The protagonist of "Contents of the Dead Man's Pocket" has two insights because of his experiences out on that ledge. The first insight, or "revelation," has nothing to do with his wife. (She may be very important to him, but she is only a minor character who is mostly absent.) He realizes that he is doing a crazy thing and therefore that he must have been going crazy with his obsession on achieving success in the business world. He was so crazy that he thought what he was doing was a rational thing to do. The reader must have known this all along. The reader probably would never have gone out on that ledge in the first place; but since he is in Tom Benecke's point of view he has to go out there with him, see what he sees and feel what he feels. Both the protagonist and the reader realize that excessive ambition can drive a person crazy. New York City itself can drive a person crazy.
Then when the protagonist, still out on the ledge, realizes he was crazy, he starts thinking rationally. In doing so, it is natural for him to think about his real value, his real goal, his real purpose--which is to stay alive and get back to his wife, who represents sanity, security, and life itself. Perhaps the most significant passage in the story is the following:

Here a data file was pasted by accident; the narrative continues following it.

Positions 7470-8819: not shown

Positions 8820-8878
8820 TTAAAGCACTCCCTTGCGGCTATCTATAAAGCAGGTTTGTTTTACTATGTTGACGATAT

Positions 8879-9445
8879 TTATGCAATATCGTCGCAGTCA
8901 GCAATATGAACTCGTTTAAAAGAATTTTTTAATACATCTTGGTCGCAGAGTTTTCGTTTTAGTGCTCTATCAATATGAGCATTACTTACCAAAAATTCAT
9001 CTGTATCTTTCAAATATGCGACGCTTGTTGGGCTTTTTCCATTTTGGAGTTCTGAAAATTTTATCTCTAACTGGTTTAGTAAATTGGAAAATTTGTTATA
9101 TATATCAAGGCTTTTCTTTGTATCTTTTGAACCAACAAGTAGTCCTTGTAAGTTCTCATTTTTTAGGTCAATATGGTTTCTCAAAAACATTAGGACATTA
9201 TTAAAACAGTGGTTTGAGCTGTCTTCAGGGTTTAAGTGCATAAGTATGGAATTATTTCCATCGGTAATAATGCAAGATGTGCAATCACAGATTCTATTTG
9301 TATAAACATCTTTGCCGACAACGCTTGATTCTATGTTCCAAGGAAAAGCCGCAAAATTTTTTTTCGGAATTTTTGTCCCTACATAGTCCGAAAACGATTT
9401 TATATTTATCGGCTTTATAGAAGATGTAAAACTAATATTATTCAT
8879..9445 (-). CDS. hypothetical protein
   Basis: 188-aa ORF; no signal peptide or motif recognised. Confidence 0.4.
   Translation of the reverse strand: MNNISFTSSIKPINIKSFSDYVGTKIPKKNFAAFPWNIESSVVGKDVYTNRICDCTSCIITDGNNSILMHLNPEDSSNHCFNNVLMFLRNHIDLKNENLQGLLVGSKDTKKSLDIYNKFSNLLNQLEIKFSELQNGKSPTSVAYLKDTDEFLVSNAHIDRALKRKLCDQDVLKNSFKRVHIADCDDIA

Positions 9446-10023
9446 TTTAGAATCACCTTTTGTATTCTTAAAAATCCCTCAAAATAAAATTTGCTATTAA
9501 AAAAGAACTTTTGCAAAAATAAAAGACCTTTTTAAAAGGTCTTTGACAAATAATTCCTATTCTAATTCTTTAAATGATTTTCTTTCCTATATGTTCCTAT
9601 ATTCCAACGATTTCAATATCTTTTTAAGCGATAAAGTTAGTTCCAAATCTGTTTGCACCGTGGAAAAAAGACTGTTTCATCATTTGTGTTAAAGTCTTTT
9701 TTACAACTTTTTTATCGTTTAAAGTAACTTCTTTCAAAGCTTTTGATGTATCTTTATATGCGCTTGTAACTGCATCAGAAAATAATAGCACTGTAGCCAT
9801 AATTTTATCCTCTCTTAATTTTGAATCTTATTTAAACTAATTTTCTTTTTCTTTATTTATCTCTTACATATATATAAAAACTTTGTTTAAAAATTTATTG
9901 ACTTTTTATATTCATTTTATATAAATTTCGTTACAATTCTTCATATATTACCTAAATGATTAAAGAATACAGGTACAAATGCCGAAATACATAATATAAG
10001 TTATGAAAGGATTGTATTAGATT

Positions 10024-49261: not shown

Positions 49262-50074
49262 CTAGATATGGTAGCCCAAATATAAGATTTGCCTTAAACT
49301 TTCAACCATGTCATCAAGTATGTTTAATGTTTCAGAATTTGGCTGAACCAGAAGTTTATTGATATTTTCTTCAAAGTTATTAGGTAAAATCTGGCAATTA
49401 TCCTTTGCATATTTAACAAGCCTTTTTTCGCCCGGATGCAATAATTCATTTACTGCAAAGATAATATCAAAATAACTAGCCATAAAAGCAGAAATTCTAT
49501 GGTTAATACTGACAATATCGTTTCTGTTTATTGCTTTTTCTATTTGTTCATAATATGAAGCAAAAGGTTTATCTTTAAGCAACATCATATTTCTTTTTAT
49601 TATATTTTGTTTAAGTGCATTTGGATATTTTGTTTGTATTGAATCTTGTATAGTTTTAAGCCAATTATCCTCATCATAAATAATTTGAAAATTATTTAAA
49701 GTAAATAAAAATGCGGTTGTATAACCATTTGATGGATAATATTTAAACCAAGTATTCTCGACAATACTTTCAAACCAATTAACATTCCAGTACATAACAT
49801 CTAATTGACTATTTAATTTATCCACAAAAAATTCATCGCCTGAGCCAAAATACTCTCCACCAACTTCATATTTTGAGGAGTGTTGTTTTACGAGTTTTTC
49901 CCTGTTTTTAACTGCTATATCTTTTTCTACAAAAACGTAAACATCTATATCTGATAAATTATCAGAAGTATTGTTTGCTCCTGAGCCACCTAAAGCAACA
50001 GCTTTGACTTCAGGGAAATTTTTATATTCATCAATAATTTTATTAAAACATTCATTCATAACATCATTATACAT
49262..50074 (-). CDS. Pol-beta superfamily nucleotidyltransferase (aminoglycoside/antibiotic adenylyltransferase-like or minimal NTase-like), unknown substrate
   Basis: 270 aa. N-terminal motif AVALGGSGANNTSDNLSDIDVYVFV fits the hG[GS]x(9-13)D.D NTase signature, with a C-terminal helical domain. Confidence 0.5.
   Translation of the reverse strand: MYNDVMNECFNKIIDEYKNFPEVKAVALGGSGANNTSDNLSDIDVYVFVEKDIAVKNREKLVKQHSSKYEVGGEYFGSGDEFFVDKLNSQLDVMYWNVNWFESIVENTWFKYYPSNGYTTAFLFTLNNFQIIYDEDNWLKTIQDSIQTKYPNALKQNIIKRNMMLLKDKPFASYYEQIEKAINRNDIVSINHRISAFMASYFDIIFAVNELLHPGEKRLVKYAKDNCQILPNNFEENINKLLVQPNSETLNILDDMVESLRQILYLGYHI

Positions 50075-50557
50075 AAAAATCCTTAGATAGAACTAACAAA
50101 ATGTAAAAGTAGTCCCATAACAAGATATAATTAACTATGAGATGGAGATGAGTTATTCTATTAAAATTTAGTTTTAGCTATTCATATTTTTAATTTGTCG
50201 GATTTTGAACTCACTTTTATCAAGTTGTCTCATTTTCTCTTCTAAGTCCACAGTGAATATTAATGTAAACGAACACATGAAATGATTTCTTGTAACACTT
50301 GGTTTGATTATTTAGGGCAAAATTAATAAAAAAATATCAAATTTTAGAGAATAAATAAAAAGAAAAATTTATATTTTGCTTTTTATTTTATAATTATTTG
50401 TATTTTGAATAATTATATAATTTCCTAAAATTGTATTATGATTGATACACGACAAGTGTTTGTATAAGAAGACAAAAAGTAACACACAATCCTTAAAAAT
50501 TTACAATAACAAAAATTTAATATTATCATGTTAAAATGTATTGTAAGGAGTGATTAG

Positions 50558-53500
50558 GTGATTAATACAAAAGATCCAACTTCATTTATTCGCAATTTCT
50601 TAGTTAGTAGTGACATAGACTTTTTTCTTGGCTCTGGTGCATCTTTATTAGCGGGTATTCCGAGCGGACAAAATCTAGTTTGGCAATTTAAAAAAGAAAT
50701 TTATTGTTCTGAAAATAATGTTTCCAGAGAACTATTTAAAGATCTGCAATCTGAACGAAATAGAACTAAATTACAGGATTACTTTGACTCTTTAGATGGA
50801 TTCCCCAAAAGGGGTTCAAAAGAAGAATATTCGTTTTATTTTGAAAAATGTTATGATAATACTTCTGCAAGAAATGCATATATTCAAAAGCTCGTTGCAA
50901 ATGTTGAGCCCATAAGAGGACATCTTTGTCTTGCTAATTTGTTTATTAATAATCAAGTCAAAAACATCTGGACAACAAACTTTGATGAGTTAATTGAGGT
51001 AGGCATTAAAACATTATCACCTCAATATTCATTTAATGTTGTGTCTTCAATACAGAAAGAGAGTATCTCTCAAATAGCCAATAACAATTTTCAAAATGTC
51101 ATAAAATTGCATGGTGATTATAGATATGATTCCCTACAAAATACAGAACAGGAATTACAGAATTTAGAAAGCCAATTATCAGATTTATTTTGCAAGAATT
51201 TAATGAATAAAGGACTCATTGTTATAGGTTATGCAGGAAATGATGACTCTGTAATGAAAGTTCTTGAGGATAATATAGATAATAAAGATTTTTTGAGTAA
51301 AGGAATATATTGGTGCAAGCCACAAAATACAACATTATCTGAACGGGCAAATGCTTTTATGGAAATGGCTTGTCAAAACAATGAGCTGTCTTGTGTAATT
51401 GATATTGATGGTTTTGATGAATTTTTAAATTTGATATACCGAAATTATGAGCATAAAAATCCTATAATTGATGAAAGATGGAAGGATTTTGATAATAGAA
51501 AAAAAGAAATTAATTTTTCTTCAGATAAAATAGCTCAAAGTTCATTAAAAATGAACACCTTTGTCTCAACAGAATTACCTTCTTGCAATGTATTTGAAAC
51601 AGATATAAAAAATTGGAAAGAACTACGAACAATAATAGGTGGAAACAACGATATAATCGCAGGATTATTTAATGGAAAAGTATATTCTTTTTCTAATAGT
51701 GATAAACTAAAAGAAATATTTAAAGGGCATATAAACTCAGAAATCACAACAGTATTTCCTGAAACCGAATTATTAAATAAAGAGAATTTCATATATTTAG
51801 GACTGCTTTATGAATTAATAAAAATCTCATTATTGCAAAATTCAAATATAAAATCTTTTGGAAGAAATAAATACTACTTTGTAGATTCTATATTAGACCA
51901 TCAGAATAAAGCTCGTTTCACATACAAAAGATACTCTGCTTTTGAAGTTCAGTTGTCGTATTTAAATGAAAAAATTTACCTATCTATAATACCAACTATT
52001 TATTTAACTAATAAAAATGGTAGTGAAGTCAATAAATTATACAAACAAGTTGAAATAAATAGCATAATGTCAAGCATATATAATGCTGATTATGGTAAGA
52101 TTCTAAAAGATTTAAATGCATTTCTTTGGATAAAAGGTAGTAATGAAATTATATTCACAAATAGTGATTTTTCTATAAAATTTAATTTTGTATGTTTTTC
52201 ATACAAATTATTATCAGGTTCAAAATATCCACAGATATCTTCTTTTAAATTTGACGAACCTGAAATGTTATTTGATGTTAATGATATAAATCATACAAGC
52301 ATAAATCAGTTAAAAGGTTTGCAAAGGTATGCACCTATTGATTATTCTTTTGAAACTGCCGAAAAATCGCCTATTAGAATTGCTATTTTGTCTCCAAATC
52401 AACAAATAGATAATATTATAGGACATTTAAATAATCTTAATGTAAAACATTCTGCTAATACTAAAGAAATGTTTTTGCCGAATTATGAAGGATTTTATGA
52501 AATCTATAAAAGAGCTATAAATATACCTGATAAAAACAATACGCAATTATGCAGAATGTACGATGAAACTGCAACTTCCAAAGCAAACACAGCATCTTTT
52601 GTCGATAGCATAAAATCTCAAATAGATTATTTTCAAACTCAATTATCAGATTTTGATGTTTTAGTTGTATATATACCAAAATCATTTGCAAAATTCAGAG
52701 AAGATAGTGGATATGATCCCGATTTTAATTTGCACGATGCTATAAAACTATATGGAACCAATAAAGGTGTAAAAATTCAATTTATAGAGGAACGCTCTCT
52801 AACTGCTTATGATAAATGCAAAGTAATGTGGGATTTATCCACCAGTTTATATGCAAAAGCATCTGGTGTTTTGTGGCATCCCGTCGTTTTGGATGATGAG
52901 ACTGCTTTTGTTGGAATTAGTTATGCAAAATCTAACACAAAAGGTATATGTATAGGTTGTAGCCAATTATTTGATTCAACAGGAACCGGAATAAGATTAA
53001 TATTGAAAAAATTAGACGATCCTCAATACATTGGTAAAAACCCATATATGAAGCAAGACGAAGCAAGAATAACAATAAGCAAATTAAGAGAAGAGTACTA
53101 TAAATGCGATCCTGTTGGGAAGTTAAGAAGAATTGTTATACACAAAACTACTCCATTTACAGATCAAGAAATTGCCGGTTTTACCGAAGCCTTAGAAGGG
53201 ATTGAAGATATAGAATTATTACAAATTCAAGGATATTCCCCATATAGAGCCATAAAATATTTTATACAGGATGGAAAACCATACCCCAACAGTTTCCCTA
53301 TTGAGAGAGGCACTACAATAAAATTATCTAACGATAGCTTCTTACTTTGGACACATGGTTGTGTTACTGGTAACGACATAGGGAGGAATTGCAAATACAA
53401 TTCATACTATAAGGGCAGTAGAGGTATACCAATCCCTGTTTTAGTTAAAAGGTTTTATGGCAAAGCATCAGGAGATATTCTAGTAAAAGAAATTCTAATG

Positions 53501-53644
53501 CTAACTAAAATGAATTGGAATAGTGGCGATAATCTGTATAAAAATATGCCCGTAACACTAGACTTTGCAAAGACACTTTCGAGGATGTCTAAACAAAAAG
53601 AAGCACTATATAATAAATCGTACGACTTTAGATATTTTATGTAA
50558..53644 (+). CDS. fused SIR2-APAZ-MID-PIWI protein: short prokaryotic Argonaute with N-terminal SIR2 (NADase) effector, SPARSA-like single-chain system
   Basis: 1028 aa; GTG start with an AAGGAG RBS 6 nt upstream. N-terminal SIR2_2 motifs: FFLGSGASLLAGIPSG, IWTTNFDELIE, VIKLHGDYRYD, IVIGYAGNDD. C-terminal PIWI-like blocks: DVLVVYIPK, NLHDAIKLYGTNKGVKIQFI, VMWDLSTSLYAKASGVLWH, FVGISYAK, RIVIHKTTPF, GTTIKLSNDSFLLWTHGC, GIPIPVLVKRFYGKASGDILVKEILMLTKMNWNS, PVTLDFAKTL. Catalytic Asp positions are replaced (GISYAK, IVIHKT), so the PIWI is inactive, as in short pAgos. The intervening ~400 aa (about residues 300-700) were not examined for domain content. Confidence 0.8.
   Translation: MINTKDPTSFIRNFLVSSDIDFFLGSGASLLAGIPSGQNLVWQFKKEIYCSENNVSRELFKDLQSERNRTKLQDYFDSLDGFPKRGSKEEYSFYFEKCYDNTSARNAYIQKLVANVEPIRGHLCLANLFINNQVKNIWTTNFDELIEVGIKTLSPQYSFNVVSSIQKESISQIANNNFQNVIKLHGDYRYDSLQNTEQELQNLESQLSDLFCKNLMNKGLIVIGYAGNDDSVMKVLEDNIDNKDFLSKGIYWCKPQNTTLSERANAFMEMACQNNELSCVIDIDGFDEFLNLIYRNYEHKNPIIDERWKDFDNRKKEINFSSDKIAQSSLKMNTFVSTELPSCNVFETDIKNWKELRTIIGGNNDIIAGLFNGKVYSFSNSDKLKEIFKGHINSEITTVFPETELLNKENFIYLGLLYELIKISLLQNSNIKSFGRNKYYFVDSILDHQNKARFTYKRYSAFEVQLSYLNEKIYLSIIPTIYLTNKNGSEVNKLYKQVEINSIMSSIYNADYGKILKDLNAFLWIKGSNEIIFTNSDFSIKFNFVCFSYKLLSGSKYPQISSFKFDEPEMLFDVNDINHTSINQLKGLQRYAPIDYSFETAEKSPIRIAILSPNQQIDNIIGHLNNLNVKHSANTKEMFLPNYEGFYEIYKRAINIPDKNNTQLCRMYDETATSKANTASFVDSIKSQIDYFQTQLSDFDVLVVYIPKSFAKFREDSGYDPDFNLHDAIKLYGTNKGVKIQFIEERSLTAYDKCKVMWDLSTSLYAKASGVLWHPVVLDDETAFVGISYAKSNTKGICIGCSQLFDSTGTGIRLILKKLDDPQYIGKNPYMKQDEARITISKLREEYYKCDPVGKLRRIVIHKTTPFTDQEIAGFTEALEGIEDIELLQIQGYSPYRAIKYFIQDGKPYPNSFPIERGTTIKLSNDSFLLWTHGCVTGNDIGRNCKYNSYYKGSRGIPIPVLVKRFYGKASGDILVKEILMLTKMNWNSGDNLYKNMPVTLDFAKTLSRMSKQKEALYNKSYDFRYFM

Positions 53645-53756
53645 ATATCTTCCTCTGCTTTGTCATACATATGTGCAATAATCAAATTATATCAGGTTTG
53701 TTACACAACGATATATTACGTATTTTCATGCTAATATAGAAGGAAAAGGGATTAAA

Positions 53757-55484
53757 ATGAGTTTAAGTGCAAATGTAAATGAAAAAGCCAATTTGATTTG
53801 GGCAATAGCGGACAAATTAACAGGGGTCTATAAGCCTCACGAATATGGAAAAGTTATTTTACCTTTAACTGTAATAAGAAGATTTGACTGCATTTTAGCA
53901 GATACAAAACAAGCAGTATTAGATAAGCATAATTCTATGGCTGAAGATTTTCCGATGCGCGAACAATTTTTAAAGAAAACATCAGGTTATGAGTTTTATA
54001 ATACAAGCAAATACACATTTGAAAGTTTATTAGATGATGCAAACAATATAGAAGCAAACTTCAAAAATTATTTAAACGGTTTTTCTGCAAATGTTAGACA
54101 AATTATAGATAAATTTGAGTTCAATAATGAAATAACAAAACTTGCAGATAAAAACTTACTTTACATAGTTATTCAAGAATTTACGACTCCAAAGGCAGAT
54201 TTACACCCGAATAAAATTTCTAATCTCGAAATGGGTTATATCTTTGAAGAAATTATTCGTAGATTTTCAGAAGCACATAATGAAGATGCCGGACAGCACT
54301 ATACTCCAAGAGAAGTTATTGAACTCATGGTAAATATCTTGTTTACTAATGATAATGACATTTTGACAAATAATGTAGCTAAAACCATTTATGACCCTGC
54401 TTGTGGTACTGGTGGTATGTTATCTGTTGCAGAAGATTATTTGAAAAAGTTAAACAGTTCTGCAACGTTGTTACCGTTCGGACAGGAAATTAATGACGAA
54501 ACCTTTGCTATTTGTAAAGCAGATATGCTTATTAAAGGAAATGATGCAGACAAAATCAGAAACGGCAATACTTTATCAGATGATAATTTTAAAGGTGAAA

He understood fully that he might actually be going to die; his arms, maintaining his balance on the ledge, were trembling steadily now. And it occurred to him then with all the force of a revelation that, if he fell, all he was ever going to have out of life he would then, abruptly, have had. Nothing, then, could ever be changed; and nothing more--no least experience or pleasure--could ever be added to his life. He wished, then, that he had not allowed his wife to go off by herself tonight--and on similar nights. He thought of all the evenings he had spent away from her, working; and he regretted them. He thought wonderingly of his fierce ambition and of the direction his life had taken; he thought of the hours he'd spent by himself, filling the yellow sheet that had brought him out here. Contents of the dead man's pockets, he thought with sudden fierce anger, a wasted life.
"Contents of the Dead Man's Pocket" is a terrifying story. It must be the terror that has the greatest effect on the protagonist (since the terror has the greatest effect on the reader). Benecke's fear makes him realize that he had been crazy enough to risk losing what was most precious for something that was frivolous, if not worthless. As a matter of fact, if he had been crazy, how could he tell whether his business proposal wasn't crazy? Maybe the scribblings on that piece of yellow paper were only meaningless hieroglyphics. And maybe the protagonist's superiors would see that the ideas were full of holes and reject them.